Thoughts & Insights
A Quiet Blessing in Noisy Times
This film is simple and difficult at the same time. It’s a joy for the eye, for the ear, and above all for the soul. In times like these. Nomadland – the first film I’ve seen in the cinema for over nine months when the cinemas in Germany were closed because of the pandemic. A great cloud of longing hung over this time. It evaporated for a brief moment after a few minutes in the cinema and then turned into a cloud of happy melancholy that accompanies this film from its beginning to its end.
Two feelings that come together in a moment, completely unplanned, as though they belonged together.
Now I am sitting here and wanting to write about what I’ve seen. It’s true that here and today I want to write about this one film Nomadland, which moved me very deeply. Yet after the longest period of my life being away from the cinema it also goes hand in hand with a declaration of love for film and the cinema in general.
Ever since the great pioneer of cinema Georges Méliès began the greatest adventure of his life over one hundred years ago by putting everything he had into the production of films, movies have belonged to a fascinating dimension of reality that can only be experienced when you sit back in a soft chair in a large dark room, equipped with a brilliant screen and the best acoustics, and in a few minutes are so drawn into what is happening on the screen that you forget the rest of the world. Many directors and producers have shown us time and again how movies of such quality are made. One of the best of them, Martin Scorsese, with his marvellous 3D film Hugo Cabret, has posthumously paid Georges Mèliés the tribute he has long deserved.
And Hollywood showed itself wowed by Nomadland too, with the Academy awarding it three Oscars this year – one for best film, one for the extraordinary directing of the young Chloé Zhao, and one for the incomparable Frances McDormand who is always completely herself. Just how much she always remains true to herself when she acts becomes clearer in this film than in all her previous movies. Because here she is playing together with people who are not professional actors but real nomads. And she doesn’t play them to the wall but feels and fits in as though she were one of them herself, letting them really come into their own in the interplay. She lives with them for the duration of the film, leading the life that many Americans lead who have freed themselves from the confines of settled affluence – more or less voluntarily. Frances McDormand is an exceptional actress and human being in Hollywood. Good that she’s there. And good that this film exists. It provides an antidote to the raucous posturing of these times when collective outrage occasionally and absurdly outstrips itself by telling this story that’s as quiet as it is impressive. But the best way to find out everything else about this film is to see it yourself.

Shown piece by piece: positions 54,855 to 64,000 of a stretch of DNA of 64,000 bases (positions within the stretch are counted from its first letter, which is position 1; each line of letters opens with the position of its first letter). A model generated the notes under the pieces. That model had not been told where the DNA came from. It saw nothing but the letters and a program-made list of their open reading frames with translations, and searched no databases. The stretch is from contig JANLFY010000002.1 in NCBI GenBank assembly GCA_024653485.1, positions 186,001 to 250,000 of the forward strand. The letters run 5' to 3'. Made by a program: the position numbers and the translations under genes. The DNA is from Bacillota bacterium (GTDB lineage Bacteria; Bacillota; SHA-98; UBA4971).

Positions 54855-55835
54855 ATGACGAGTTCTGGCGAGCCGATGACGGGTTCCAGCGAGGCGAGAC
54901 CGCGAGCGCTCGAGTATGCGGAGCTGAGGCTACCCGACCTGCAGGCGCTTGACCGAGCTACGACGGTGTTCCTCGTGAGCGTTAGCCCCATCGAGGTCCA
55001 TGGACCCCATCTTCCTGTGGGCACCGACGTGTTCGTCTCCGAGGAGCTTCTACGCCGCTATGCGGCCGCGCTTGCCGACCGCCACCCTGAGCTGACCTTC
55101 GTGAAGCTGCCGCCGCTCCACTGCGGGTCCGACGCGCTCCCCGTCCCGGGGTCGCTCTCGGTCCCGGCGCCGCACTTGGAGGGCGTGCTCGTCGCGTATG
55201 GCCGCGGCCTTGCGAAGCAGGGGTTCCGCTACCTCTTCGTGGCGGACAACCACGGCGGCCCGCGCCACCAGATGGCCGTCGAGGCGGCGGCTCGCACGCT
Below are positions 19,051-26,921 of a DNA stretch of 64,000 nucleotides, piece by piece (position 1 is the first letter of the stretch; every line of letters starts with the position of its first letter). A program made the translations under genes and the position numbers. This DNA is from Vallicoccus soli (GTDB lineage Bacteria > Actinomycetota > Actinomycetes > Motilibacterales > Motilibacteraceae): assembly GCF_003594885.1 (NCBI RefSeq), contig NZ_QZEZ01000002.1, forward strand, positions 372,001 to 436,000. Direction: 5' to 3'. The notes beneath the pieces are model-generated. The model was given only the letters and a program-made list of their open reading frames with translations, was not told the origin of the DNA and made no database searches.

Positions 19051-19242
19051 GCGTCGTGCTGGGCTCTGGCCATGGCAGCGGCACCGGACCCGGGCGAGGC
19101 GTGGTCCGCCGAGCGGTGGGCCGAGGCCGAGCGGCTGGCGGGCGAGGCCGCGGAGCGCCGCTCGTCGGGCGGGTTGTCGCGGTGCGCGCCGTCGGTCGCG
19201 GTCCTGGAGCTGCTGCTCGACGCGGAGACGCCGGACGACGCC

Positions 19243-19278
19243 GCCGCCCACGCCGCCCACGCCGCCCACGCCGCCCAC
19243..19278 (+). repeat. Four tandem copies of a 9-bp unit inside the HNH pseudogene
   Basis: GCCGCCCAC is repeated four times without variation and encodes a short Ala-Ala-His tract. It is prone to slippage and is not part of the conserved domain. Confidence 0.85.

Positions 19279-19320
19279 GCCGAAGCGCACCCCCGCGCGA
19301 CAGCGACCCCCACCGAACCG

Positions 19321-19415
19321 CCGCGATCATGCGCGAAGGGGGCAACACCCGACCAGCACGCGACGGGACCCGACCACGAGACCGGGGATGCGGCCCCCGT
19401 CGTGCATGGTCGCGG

Generally speaking, I would ask you and also urge you to go to the cinema now and as often as possible because this is the only way that movie theatres will have a lasting chance in the competition with streaming services. These services, like internet providers of all kinds, have been the great winners of the lockdown in the film business. I, too, watched many a film at home during the lockdown, but only those broadcast by TV stations – and not a single one in the programme of major streaming services.
Back in the late 60s and early 70s of the last century cinema had already been pronounced dead. Wim Wenders, arguably one of the best German directors, dedicated one of his first films Im Lauf der Zeit (Kings of the Road) which is absolutely worth seeing, to the demise of provincial cinema at the time. Yet cinema reinvented itself, survived and experienced a resurrection that hardly anyone would have predicted. It would be fantastic if that now could happen a second time. Because truly great films need a really great screen and the undivided attention of their viewers. There is no substitute for real cinema.
I was more able to compensate for the loss of the cinema last year through music and reading than through films in small screen format – no matter how wide the diagonal or how high the HDTV quality. Because I also love these highly personal movies that spring up in my mind when I’m reading a novel or listening to good music. Yet I also love to see what others make of the personal films they play in their own minds, and bring to the silver screen for the whole world to see. And it’s been that way since I was not even ten years old and went every Saturday to the Spira Cinema in my home town for 50 cents to join a noisy crowd of kids sitting on the floor and watch Charlie Chaplin, Buster Keaton, Harold Lloyd, “Fuzzi” and “Father Brown”. OUBEY shared this love of cinema with me like no other person before or after in my life. Perhaps that’s why the two lines that had the entire screen to themselves for a moment in the credits of Nomadland moved me so much:
Dedicated to all those who have left us. Au revoir
The story that this film tells, for one hundred and ten minutes, so quietly, so intensely and so grippingly, here opens up its existential moment of singularity – quite in the sense of Thomas Pynchon whose monumental novel Gravity´s Rainbow was the subject of our last article Beyond Zero – Between Entropy and Transcendence, Nomadland is anything but monumental. And yet the film does have something in common with Pynchon´s novel; the idea that those who are struck at some point by the lightening of life still live on in this world yet at the same time are also at home in another world. They give the impression that they’re from this world, which in purely physical terms, they are. But in their hearts, their souls, they live in another world. In Nomadland?